Palos women wow ‘em with Harvest in The Heights

 

HarvestEntranceTable946

Photo by Anthony Caciopo

Trudy Walta, a fitness instructor at the Recreation Center, arrives with her husband, Tom, at the check-in table of the Palos Heights Woman’s Club’s Harvest in The Heights fundraiser.

 

The sun was in merciful decline on a day of record-setting temperatures Sept. 23 as the Palos Heights Woman’s Club’s “Harvest in The Heights” fundraiser kicked off at 5 p.m. with all seats on their way to filled under the big, white tent in Meyers Park.

The National Weather Service reported a high of 95 degrees officially in Chicago, edging out a previous high that had stood since 1937. And if the official recorded temperature in Chicago was perhaps a bit more than what was being felt in Palos Heights, well, it probably was impossible to tell. It was just plain hot.

“A warm welcome to everyone, and I do mean warm,” quipped club President Nancy Mitchell as she addressed the attendees.

Totals from the event are now in from the club, and the Harvest fundraiser sizzled about as much as the heat. The goal of funding a contemporary, LED sign outside the Recreation Center at 6601 W. 127th St. has been met, said club officials.

“With the support of the members of the Palos Heights Woman’s Club, the City of Palos Heights and donations from local businesses and organizations (including the Palos Heights Kiwanis and Lions clubs) the Project Committee has successfully raised the funds needed to complete this project in less than three years,” said Project Co-Chair Sherry TerMaat in a statement. “The proceeds from the Harvest fundraiser has helped us to achieve our goal and the financial portion of this project has been completed.”

The initial deposit for the sign has been made and progress is underway to begin fabrication. Installation of the sign is anticipated to be completed by November. Total cost of the project is expected to come in at approximately $37,000. Approximately $8,000 was raised at Harvest in The Heights.

Club records shared with The Regional News show that the LED sign project was recommended to the board and presented to the club at large for its approval in March, 2015. The sign is a gift from the Palos Heights Woman’s Club to the City of Palos Heights Recreation Center.

“This project was selected as the committee felt it would benefit not only the Recreation Center but the entire community and local organizations by promoting upcoming events, important announcements and share community information,” wrote Rose Zubik, who is the project co-chair along with TerMaat.  

Some details of the sign project released by the Palos Heights Woman’s Club include:

  • The Recreation Center staff will control the LED sign digitally through software and would no longer need a staff member to physically update the sign from outside the facility.
  • When compared to static and traditional print advertising and billboards, LED signs are beneficial. Digital signage has the ability to attract more attention effectively, compared to traditional signage.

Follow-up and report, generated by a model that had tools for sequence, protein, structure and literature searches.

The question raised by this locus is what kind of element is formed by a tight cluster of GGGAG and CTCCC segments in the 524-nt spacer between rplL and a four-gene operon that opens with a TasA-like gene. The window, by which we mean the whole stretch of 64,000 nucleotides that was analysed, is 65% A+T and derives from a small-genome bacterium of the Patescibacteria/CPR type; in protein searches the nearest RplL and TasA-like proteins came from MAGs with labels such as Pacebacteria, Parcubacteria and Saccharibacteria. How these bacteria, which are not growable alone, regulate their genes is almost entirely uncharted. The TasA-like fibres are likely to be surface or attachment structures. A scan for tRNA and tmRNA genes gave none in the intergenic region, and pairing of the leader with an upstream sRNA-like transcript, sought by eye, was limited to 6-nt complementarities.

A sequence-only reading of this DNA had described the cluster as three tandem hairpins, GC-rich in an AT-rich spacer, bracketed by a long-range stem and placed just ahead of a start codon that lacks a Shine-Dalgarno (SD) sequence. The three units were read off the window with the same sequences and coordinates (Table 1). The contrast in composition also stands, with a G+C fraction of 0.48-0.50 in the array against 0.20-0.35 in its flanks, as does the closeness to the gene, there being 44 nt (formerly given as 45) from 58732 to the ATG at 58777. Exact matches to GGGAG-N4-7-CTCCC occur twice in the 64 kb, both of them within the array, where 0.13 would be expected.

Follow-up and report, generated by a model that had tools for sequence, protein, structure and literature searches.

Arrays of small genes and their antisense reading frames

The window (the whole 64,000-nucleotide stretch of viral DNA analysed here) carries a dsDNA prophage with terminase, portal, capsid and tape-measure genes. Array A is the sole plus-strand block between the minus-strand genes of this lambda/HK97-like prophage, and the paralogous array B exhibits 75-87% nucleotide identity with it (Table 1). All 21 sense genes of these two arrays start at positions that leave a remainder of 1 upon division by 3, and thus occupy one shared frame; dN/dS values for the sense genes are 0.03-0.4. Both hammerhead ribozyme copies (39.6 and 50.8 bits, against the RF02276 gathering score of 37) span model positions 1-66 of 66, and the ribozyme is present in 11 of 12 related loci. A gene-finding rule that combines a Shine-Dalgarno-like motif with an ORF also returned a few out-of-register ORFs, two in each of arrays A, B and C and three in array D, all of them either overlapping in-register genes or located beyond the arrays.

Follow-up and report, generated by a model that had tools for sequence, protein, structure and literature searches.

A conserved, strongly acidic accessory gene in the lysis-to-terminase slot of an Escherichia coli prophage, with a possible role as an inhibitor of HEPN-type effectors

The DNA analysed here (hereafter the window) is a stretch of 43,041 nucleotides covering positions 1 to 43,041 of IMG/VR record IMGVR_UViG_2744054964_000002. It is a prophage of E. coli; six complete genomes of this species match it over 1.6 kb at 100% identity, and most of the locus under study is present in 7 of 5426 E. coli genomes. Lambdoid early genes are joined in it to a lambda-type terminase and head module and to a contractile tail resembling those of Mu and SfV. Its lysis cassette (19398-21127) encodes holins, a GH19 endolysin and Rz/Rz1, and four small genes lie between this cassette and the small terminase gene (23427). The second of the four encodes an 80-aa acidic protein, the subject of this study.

• The design of the sign will be architecturally pleasing and suitable for a residential area.
  • The Recreation Center will be mindful that the sign is located in a residential area when the display is in use.

Michael Leonard, project manager and director of the Parks and Recreation Department, is working closely with the contractor, Quantum Sign, coordinating permit approval and all aspects of the installation from start to finish.

The club announced the Harvest fundraiser sold more than 180 tickets and together with donations and raffles raised about $8,000.

“It’s wonderful, it’s a great cause,” said Dennis Hyker as he dropped raffle tickets into a drum. “These volunteers do it all for this community. If it wasn’t for the volunteers, we wouldn’t have the same community we have.”

As a steady stream of attendees filed past the check-in table before the official start of the event, Trudy Walta was unreserved in her enthusiasm for the event. Walta is a fitness instructor at the Rec Center and she knew the importance of the Harvest event’s outcome.

“I love it,” she said as she waited to obtain her event wristband with her husband, Tom. “I’m hoping we get a nice sign.”

Each table was adorned with floral-filled pumpkin centerpieces from Mitchell’s Flowers. Guests enjoyed various side dishes from Mario’s Catering as well as multiple barbecued meats provided and grilled by Tom McDonough. The 95th Street Band with its multi-piece brass section played well into the evening hours.

President Mitchell praised the committee members for their tireless work in running such a successful event.

“They did a phenomenal job, they worked so hard,” she said. “There’s nothing untouched in putting something like that together. They don’t leave a stone unturned.”

As she reflected on Harvest in The Heights, Mitchell said she felt “Gratitude that the community supports us the way they do.

“Thank you, thank you, thank you for being there to help us get to where we are,” she said.


 

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